On Wednesday, a senior EU diplomat in London was called to a meeting at the British foreign ministry, as the two sides traded barbs over Covid-19 vaccines, the latest in a series of arguments that bode ill for post-Brexit cooperation.
The fresh diplomatic spat comes after European Council President Charles Michel, in rejecting broad charges of “vaccine nationalism” levelled at the EU over its export controls, said that Britain had banned exports of Covid-19 vaccine doses. Britain said that was “completely false”
According to the EU diplomat, “these skirmishes are the new normal. With more economic divergence and more competition ahead, pressure on our Brexit agreements will only grow.”
Last year the Britain and the 27-nation EU sealed a new partnership after twisting divorce and trade negotiations following the 2016 Brexit referendum. In force since January 1st, it has failed so far to ease tentions.According to second senior EU diplomat, “this was another provocation. It’s not the first, and nobody expects it to be the last. The EU will keep calm and react firmly,” adding that tensions over Brexit arrangements for the Border could influence negotiations on regulatory cooperation in financial services, which the City of London wants.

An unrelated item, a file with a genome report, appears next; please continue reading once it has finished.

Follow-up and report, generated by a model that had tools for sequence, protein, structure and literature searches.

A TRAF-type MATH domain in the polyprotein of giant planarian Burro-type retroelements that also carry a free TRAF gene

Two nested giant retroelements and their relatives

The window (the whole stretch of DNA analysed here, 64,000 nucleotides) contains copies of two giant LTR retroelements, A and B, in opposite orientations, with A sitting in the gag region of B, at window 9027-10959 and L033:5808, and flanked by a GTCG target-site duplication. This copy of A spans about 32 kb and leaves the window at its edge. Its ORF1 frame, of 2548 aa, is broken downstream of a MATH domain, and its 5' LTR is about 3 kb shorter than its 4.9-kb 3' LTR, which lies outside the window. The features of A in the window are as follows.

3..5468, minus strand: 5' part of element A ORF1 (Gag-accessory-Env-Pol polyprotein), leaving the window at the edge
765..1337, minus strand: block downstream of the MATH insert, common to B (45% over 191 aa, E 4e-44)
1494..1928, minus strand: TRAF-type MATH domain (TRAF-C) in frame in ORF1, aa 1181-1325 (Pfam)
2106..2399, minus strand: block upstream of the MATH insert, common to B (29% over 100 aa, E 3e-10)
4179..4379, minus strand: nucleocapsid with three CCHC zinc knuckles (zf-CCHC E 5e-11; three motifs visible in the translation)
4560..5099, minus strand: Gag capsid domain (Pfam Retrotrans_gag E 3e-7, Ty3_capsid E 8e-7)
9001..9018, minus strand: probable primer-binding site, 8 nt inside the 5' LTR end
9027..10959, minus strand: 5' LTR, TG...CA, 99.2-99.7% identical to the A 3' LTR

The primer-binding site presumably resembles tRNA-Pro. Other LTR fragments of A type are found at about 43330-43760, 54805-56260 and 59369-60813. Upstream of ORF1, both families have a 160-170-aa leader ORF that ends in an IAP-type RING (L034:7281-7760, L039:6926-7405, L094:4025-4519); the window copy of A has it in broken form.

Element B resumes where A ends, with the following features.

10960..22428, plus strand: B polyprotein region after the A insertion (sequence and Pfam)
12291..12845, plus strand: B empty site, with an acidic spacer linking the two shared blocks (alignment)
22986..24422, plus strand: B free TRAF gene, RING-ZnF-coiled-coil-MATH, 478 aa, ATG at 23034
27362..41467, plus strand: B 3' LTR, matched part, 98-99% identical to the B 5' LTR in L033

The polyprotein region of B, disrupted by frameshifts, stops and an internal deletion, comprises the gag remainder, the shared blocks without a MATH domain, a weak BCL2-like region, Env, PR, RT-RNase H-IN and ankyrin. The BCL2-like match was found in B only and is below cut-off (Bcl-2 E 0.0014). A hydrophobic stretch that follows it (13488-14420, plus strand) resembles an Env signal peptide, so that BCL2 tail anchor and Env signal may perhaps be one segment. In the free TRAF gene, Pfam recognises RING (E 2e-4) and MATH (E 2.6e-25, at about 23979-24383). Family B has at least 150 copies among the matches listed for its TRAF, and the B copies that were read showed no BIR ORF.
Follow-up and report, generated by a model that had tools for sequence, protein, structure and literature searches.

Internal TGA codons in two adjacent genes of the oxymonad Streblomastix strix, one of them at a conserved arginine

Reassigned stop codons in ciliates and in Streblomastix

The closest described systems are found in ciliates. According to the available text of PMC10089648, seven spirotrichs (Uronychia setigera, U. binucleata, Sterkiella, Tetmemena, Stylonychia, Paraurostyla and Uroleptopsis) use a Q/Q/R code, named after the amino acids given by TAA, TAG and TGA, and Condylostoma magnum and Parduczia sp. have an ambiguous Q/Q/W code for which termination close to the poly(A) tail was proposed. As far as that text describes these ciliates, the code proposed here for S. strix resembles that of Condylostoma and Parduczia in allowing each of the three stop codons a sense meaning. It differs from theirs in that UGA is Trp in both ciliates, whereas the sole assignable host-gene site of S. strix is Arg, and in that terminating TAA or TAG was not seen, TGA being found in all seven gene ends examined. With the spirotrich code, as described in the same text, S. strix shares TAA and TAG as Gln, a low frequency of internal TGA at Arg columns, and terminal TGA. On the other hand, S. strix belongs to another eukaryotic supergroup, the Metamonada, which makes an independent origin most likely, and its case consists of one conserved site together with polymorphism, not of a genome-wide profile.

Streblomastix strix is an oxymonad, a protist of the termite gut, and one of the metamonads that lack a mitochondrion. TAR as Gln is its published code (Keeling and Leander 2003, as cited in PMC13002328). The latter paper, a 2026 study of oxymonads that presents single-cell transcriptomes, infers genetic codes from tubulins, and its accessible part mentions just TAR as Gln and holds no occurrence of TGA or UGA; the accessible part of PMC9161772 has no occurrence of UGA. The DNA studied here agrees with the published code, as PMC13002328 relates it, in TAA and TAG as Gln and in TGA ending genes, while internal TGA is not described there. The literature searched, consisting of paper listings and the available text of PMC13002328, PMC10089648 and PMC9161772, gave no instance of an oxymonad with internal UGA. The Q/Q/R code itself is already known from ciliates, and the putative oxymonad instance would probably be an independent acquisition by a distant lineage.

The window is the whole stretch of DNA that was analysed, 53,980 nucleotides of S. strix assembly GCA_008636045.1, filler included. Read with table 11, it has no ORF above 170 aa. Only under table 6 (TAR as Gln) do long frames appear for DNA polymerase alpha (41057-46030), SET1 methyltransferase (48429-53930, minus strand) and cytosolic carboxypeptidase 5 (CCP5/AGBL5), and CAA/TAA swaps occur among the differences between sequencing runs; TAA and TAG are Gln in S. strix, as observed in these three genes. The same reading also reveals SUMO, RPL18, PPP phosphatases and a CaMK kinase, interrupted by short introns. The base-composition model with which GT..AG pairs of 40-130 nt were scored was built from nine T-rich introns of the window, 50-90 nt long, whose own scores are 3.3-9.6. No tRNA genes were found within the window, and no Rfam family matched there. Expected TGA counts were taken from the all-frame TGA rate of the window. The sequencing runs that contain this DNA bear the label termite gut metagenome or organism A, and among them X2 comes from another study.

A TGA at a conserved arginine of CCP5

The EU sent charge d’affaires Nicole Mannion to a morning meeting with British foreign office permanent under-secretary Philip Barton, an EU official said of the latest vaccine clash, on Wednesday.
After accusing Britain on Tuesday of having “an outright ban” on vaccine exports, Michel then said there were “different ways of imposing bans or restrictions on vaccines”. According to the EU officials, Britain effectively prevents exports by using a UK-first clause in its contract with AstraZeneca, the only company producing Covid-19 jabs in Britain, briefed by the pharmaceutical company.